A video summary of the testimonies of former Bosnian Serb soldiers, policemen and officials from the Srebrenica area was broadcast at the SENSE Center on the fourth day of the campaign. Those witnesses for the most part testified when they were compelled by subpoena. That video was followed by recorded statements of Jean-Rene Ruez, head of the Srebrenica investigation, Mark Harmon, prosecutor, and Stefanie Frease, investigator
A video entitled "Unwilling Witnesses" outlines the testimonies of former Bosnian Serb soldiers, policemen and officials from the civilian authorities in the Srebrenica area, for the most part came to The Hague to testify when they were compelled to do so by subpoena.
Once in court, bound by the solemn declaration to speak the truth, they had to tell the judges what they had done, seen or heard as the events in Srebrenica unfolded.
The video is a segment of the interactive narrative "Srebrenica: Genocide in Eight Acts", produced by SENSE Transitional Justice Center.
It was followed by receorded statements of the Tribunal's investigators and prosecutors.
Head of the ICTY Srebrenica investigation Jean-Rene Ruez said that all the investigators and prosecutors believed that Ratko Mladić was the main person responsible for the mass killings in the Srebrenica area because no one else could have ordered such extensive and demanding operations. Ruez pointed out that it was a final act of the war in the former Yugoslavia and as such requires an explanation of its own, but the person who should give that explanation, that is Ratko Mladić, is unwilling to go through that process.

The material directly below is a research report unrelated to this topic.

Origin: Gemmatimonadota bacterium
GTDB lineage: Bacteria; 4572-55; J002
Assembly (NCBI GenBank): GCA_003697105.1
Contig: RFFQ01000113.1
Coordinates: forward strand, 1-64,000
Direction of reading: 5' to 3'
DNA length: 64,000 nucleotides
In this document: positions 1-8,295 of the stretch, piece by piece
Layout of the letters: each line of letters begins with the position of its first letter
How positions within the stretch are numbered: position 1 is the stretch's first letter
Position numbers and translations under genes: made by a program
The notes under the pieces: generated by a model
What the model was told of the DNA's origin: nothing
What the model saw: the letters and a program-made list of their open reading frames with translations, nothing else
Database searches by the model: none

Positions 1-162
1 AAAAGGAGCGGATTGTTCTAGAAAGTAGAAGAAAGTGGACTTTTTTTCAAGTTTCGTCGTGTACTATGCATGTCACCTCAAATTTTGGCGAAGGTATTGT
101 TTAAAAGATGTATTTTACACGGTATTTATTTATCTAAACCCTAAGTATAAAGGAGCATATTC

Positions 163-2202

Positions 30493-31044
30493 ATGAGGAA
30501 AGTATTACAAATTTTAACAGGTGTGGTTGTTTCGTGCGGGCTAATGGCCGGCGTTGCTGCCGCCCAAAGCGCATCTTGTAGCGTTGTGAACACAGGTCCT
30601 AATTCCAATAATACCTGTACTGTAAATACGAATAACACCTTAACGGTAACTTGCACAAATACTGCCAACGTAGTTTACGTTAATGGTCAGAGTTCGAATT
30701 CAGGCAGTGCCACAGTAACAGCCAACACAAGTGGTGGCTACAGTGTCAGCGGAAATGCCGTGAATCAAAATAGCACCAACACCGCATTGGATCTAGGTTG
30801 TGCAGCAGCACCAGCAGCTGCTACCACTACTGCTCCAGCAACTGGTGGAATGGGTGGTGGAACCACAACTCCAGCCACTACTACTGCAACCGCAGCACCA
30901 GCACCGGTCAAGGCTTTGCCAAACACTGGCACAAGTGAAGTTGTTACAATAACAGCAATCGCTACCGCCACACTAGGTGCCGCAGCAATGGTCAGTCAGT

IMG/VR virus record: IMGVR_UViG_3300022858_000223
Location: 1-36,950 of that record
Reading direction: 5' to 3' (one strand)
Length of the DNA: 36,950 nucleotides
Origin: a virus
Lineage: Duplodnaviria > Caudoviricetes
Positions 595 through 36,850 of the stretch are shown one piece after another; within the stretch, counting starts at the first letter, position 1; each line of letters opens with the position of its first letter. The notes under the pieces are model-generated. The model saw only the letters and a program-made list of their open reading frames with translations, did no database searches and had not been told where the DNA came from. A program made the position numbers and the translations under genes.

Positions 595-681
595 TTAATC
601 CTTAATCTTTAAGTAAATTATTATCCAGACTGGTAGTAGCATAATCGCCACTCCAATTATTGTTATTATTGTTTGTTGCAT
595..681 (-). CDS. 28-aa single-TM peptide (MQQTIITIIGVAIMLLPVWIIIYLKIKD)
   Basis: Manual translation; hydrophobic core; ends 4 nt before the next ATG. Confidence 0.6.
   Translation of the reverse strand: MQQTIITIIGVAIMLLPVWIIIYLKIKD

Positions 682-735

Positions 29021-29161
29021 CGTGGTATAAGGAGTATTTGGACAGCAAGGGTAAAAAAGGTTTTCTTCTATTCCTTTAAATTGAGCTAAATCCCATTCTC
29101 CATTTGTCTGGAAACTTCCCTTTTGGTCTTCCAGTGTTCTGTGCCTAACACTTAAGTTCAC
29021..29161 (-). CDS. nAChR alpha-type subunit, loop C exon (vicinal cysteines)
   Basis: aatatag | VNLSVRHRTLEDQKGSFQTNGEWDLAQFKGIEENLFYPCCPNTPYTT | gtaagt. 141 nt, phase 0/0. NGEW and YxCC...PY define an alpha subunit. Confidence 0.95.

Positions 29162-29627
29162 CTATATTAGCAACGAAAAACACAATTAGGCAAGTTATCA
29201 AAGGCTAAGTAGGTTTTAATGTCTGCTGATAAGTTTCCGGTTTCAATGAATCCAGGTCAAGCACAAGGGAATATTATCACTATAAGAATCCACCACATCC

Prosecutor Mark Harmon explained in his statement that the investigators and prosecutors had interviewed a hundred or so Bosnian Serb Army people who simply lied that they did know anything. "I know there was lots of pressure on them but one had a moral responsibility in the face of crimes like that" to testify, said Harmon. He recalls only one Serb who stepped froward to reveal the location of certain grave sites even though the Srebrenica crimes were done public.
Denial of a crime "sets back society, it puts us in concrete boots that don't allow us to move forward", said Stefanie Frease, who worked for Ruez's investigative team. She added that she had a lot of respect for people who plead guilty because in acknowledging what had happened we can move forward".
The campaign "Srebrenica 25: Together Against the Denial Virus" closes on Saturday with the broadcast of messages from the president and the chief prosecutor of the IRMCT Carmel Agius and Serge Brammertz, messages from the victims and witnesses of genocide and a documentary "Beyond Reasonable Doubt".